Sarah Boney covered up her newly dyed platinum blonde hair as she donned a fun hat in honor of a brain tumor research charity on Friday.
The TV presenter, 51, was joined by sons Billy, 18, Charlie, 16, Rafferty, 14, and Laurie, 12, with her husband of 19, Graham Swift.
The family donned several hats for the Instagram update as they battled the gloomy weather on a walk.
Sarah was diagnosed with breast cancer in August last year and lost her mother to the disease when she was ten years old.
In the post, the real estate expert donned a large vinyl bucket hat to shield herself from the rain with a yellow-and-black scarf.
Family outing: Sarah Beeny, 51, wore fun hats with her four sons and husband Graham Swift on Friday in honor of a brain tumor research charity
She wrote: ‘Supporting #wearahatday while highlighting the funding needed for @braintumorsch – join a hatpost! X’
earlier in the day, Sarah revealed that her new platinum hair was dyed by her son while still being treated for the breast cancer.
The mother-of-four, who was diagnosed with breast cancer last year, shaved her hair after clumps fell out when she began chemotherapy.
One image showed her son grinning as he applied the dye to her locks, while another revealed the product she was using.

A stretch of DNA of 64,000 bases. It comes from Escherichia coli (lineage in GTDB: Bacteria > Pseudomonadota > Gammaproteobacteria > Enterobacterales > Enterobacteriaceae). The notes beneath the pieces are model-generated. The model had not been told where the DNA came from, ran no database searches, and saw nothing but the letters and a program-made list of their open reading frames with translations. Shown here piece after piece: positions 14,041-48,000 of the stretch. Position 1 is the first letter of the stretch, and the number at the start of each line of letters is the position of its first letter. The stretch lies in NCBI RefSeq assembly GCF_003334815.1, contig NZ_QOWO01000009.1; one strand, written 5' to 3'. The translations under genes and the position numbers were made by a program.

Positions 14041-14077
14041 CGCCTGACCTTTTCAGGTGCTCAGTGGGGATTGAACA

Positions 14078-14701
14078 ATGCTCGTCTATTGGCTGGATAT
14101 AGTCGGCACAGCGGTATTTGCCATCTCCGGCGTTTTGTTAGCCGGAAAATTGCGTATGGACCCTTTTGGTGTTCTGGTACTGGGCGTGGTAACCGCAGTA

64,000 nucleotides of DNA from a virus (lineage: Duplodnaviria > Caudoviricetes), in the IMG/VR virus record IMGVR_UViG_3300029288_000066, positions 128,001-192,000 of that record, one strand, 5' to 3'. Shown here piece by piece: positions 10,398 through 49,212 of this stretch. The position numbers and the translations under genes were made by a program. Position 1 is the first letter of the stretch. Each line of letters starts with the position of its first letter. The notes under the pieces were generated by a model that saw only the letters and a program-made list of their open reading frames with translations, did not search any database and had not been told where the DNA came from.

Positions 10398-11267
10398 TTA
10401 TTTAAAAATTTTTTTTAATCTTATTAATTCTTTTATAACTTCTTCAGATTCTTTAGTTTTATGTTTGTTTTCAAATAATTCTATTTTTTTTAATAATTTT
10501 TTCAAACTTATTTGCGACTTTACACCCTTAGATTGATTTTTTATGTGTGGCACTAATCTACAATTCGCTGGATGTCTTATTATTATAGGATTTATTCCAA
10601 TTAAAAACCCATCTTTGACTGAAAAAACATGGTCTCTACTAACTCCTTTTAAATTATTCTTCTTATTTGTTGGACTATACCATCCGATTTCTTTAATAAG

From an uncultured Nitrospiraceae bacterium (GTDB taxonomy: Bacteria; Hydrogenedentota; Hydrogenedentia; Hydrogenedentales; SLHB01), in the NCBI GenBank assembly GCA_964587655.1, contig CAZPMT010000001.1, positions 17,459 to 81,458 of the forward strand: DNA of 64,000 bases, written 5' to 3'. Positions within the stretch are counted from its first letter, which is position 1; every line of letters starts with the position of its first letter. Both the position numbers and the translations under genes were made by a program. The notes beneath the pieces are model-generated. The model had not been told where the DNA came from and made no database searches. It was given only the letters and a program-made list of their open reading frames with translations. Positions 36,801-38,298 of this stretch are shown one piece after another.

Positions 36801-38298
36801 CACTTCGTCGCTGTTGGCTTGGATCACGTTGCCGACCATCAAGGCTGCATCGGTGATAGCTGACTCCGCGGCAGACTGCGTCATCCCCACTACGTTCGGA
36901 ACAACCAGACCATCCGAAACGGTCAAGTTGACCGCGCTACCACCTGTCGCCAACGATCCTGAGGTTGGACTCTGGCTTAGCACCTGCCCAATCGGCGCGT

Meanwhile, another image showed off her newly cropped locks as she posed in a black turtleneck.
She wrote: ‘Thank you for all your sweet lovely comments on my last post – Unfortunately my hair is not platinum blonde of course…..!!!!’
It came after Sarah first posted about her new style on Thursdayfooling her followers into telling them that her locks had turned blonde again.
She wrote, ‘Supporting #wearahatday and highlighting the funding needed for @braintumourrsch – join us in a hat post! X’
Process: Earlier in the day, Sarah revealed her new platinum hair was dyed by her son as she continues to be treated for breast cancer
New look: Now that it’s starting to grow back, Sarah took to Instagram to post a series of snaps of her hair transformation process
She couldn’t help smiling as she looked over her shoulder at the camera showing off her short natural locks.
The star joked, “Look my hair has gone all platinum!!!!! Xxxx #naturalblonde!’
Last month she announced that she had finished chemotherapy by sharing a photo of her sons CD cover.
Sarah wrote: ‘Not sure what makes the sun shine the most – 2 days on steroids (happy pills!!!) – no more chemo or @the_entitled_sons releasing their best song yet…
‘YES Friday IS a good day xx #finishedchemo #HEAVENKNOWS @nickyjohnston (sic)’
In the summer of 2022, Sarah revealed she was diagnosed with cancer after finding a lump, which led to a biopsy.
She was told the cancer had not spread and “there is an 80 percent chance of a cure.”